Platelet Rich Plasma Therapy, once reserved for elite athletes, continues to gain popularity among the general public. Research
is also overwhelmingly positive in the treatment of numerous musculoskeletal complaints. The following article shows the potential
for PRP to improve knee osteoarthritis also known as degenerative joint disease. This is especially exciting because medical
treatment for osteoarthritis is mostly inadequate. If you or someone you know is suffering from knee pain, or other joint pains,
PRP may be an effective treatment option for you. If you have any questions, you can contact me either via email or call the clinic.
Platelet-rich plasma (prp) treatment shows potential for knee osteoarthritis
Date: February 12, 2013
Source: Hospital for Special Surgery
Summary: A new study has shown that platelet-rich plasma (PRP) holds great promise for treating patients with knee osteoarthritis. The treatment improved pain and function, and in up to 73% of patients, appeared to delay the progression of osteoarthritis.
A study by researchers from Hospital for Special Surgery has shown that platelet-rich plasma (PRP) holds great promise for treating patients with knee osteoarthritis. The treatment improved pain and function, and in up to 73% of patients, appeared to delay the progression of osteoarthritis, which is a progressive disease. The study appears online, ahead of print, in the Clinical Journal of Sports Medicine.
“This is a very positive study,” said Brian Halpern, M.D., chief of the Primary Care Sports Medicine Service at Hospital for Special Surgery, New York City, and lead author of the study.
Several treatments for osteoarthritis exist, including exercise, weight control, bracing, nonsteroidal anti-inflammatories, Tylenol, cortisone shots and viscosupplementation, a procedure that involves injecting a gel-like substance into the knee to supplement the natural lubricant in the joint. A new treatment that is being studied by a small number of doctors is PRP injections. PRP, which is produced from a patient’s own blood, delivers a high concentration of growth factors to arthritic cartilage that can potentially enhance healing.
“You take a person’s blood, you spin it down, you concentrate the platelets, and you inject a person’s knee with their own platelets in a concentrated form,” said Dr. Halpern. “This then activates growth factors and stem cells to help repair the tissue, if possible, calm osteoarthritic symptoms and decrease inflammation.”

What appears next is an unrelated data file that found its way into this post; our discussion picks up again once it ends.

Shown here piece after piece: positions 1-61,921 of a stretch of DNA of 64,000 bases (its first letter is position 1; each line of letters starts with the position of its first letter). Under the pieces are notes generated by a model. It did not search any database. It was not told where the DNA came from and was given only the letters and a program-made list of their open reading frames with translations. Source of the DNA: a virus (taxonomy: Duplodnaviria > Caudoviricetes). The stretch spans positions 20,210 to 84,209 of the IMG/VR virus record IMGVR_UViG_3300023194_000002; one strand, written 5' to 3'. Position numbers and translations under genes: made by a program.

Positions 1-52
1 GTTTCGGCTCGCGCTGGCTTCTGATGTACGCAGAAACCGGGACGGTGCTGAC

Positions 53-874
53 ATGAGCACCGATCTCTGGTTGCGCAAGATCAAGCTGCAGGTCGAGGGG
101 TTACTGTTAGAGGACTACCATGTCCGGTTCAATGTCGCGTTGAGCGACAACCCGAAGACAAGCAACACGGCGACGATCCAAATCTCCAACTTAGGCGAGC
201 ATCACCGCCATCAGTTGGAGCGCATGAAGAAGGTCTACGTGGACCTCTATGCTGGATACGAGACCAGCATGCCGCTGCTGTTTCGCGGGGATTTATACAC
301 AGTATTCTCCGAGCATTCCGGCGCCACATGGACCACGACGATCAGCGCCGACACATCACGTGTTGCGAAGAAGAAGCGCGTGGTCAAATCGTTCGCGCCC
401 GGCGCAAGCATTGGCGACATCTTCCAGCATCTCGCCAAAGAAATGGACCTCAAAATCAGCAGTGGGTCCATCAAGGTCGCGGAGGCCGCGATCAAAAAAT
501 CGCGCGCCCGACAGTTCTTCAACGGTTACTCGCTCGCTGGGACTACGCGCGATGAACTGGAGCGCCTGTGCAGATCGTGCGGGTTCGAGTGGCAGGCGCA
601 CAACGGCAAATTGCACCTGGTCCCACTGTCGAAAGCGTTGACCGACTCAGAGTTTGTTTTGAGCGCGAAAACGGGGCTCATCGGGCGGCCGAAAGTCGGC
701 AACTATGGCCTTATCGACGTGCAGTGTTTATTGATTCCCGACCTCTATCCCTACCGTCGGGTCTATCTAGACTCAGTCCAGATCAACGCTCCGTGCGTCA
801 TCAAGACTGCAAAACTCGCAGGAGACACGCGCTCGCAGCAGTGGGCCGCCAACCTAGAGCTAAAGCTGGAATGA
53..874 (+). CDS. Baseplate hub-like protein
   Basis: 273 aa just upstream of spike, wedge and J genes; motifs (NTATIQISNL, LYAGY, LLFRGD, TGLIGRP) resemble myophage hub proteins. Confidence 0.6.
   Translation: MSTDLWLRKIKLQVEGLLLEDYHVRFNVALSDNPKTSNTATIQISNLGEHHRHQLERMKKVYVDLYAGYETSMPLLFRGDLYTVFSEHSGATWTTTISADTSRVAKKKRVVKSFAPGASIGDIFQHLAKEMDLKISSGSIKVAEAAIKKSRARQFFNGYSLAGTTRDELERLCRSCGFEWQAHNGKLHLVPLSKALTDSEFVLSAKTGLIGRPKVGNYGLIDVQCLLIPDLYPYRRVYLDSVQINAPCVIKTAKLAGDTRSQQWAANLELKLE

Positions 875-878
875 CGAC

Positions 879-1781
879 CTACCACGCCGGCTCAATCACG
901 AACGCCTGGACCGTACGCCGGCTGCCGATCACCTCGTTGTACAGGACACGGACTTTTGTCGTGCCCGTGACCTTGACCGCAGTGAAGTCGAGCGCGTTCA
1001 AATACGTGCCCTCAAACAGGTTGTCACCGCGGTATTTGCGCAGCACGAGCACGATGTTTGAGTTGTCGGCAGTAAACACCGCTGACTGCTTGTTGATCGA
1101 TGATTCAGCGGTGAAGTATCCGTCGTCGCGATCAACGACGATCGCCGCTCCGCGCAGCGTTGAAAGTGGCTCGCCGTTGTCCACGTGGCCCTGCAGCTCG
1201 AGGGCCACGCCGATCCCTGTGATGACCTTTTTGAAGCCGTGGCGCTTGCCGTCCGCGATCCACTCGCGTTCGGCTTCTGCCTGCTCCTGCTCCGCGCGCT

In the new study, researchers at Hospital for Special Surgery enrolled patients with early osteoarthritis, gave them each an injection of PRP (6-mL), and then monitored them for one year. Fifteen patients underwent clinical assessments at baseline, one week, and one, three, six, and 12 months. At these time points, clinicians used validated tools to assess overall knee pain, stiffness and function, as well as a patient’s ability to perform various activities of daily living. At baseline and then one year after the PRP injection, physicians also evaluated the knee cartilage with magnetic resonance imaging (MRI), something that has not previously been done by researchers in other PRP studies. The radiologists reading the MRIs did not know whether the examination was performed before or after the PRP treatment.
“The problem with a lot of the PRP studies is that most people have just used subjective outcome instruments, such as pain and function scores,” said Hollis Potter, M.D., chief of the Division of Magnetic Resonance Imaging at Hospital for Special Surgery, another author of the study. “But even when patients are blinded, they know there has been some treatment, so there is often some bias interjected into those types of studies. When you add MRI assessment, it shows you the status of the disease at that time, regardless of whether the patient is symptomatic or asymptomatic or they have good or poor function in the knee. You find out what the cartilage actually looks like. We can noninvasively assess the matrix or the building blocks of cartilage.”
While previous studies have shown that patients with osteoarthritis can lose roughly five percent of knee cartilage per year, the HSS investigators found that a large majority of patients in their study had no further cartilage loss. “The knee can be divided into three compartments, the medial compartment, the lateral compartment and the patellofemoral compartment,” said Dr. Halpern. “If we look at these compartments individually, which we did, in at least 73% of these cases, there was no progression of arthritis per compartment at one year. That is very significant, because longitudinal studies suggest a four to six percent progression of arthritis at one year.”
Treatment with PRP was also useful in improving pain, stiffness and function. The investigators found that pain, measured by a standard test called the Western Ontario and McMaster Universities Arthritis Index, significantly improved with a reduction of 41.7% at six months and 55.9% at one year. On a pain scale commonly used by clinicians called the Visual Analog Scale, pain was reduced by 56.2% at six months and 58.9% at one year. Functional scores improved by 24.3% at one year. Activity of Daily Living Scores also showed a significant increase at both six months (46.8%) and one year (55.7%).